She have been navigating assimilation, white terrorism, and a temporary loss of self-pride since arriving in Maine in 1991. Her areas of interest include the intersection of the arts in movements for Social Justice and Racial Equity. As an Embodied Equity Consultant, she works closely with the public, with artists of many genres, with historically underrepresented communities, youth, and nonprofit organizations in and out of Maine, to develop creative opportunities focused on inter-organizational collaboration using the arts. These moments of coming together and creating activist community art towards systemic change are the common denominator that connects all of her work.
Originally from Sudan, MOJO grew up in Abu Dhabi, United Arab Emirates. He began his musical career in 1992 as a member of the M.Z.O Family, a group of MCs with diverse interests in music and performance.
He released his first EP, Black Thing, in 1997. In 2003, MOJO joined the first Arabic hip-hop label, NAS JOTA – a label established to test and practice free speech and expression within the limited landscape of civil rights offered in Sudan. The label opened the door for a new generation of artists and paved the way for MOJO’s 2004 release of his first Arabic album, Al Shabaab. The album dealt with issues such as community ties, human rights, fighting censorship, education and war.
In 2007, MOJO returned to Sudan to learn more about Sudanese history and engage with the growing artistic community. By 2013, he released his third album, Ma People- a compilation of rap, reggae, soul, and R&B dedicated to the support of the youth voice in his home country.
During his tenure in Sudan, MOJO was instrumental in establishing a dynamic cultural and artistic movement through Yes Academy – a youth development organization offering professional training for individuals interested in music, dance and theater with a focus on genres unique to the American experience (i.e jazz, Broadway, Hip- Hop) as well as classical art forms such as string orchestra, voice and ballet from an extensive U.S. based faculty representing some of the most outstanding educators from leading American universities, theaters, orchestras and hip hop crews.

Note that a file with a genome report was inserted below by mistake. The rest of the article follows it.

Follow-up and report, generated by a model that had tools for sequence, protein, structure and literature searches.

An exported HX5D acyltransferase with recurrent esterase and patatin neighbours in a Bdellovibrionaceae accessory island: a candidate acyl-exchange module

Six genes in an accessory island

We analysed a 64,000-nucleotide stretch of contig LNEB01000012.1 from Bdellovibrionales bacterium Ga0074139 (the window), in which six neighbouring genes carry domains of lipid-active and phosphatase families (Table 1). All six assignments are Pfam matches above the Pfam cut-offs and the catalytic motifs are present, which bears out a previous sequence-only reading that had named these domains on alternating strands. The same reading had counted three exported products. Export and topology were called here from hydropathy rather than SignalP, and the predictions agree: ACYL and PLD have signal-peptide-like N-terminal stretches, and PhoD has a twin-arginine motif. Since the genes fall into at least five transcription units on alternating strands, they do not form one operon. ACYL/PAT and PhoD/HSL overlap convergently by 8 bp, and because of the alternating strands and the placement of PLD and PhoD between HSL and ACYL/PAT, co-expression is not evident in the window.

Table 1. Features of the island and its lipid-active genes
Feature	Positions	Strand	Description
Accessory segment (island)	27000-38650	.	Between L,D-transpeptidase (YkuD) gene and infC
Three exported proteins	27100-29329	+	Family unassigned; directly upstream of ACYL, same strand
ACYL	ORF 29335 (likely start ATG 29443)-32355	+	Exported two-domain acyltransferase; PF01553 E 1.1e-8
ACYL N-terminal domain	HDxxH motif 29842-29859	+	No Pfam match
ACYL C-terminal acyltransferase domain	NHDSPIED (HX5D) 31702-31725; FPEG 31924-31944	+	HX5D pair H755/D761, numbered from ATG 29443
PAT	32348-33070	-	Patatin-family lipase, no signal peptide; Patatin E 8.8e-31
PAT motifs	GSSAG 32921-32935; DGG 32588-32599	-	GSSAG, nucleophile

He currently resides in Lewiston, Maine.
Veronica Perez (b. 1983) is a multidisciplinary artist living in Maine. She utilizes synthetic hair, discarded objects, and other unconventional materials such as sugar and construction remnants in her sculptural works to conceal and reveal hidden and forgotten parts of ones’ identity. Perez creates intense personal moments by means of material hybridization and challenging ideals of beauty. Her chosen material aims to comments on contemporary Latinx and feminist issues which she explores through notions of loss, time and trauma. In 2020, she was awarded the Ellis-Beauregard Fellowship in the Visual Arts and in 2021 began her residency at the David C. Driskell Black Seed Studio Fellowship in Portland, Maine. She is one of the inaugural Lunder Institute for American Art fellows at the Colby Museum of Art in Maine. In 2022, Perez will be presenting her first solo exhibition at the Center for Maine Contemporary Arts in Rockland, Maine.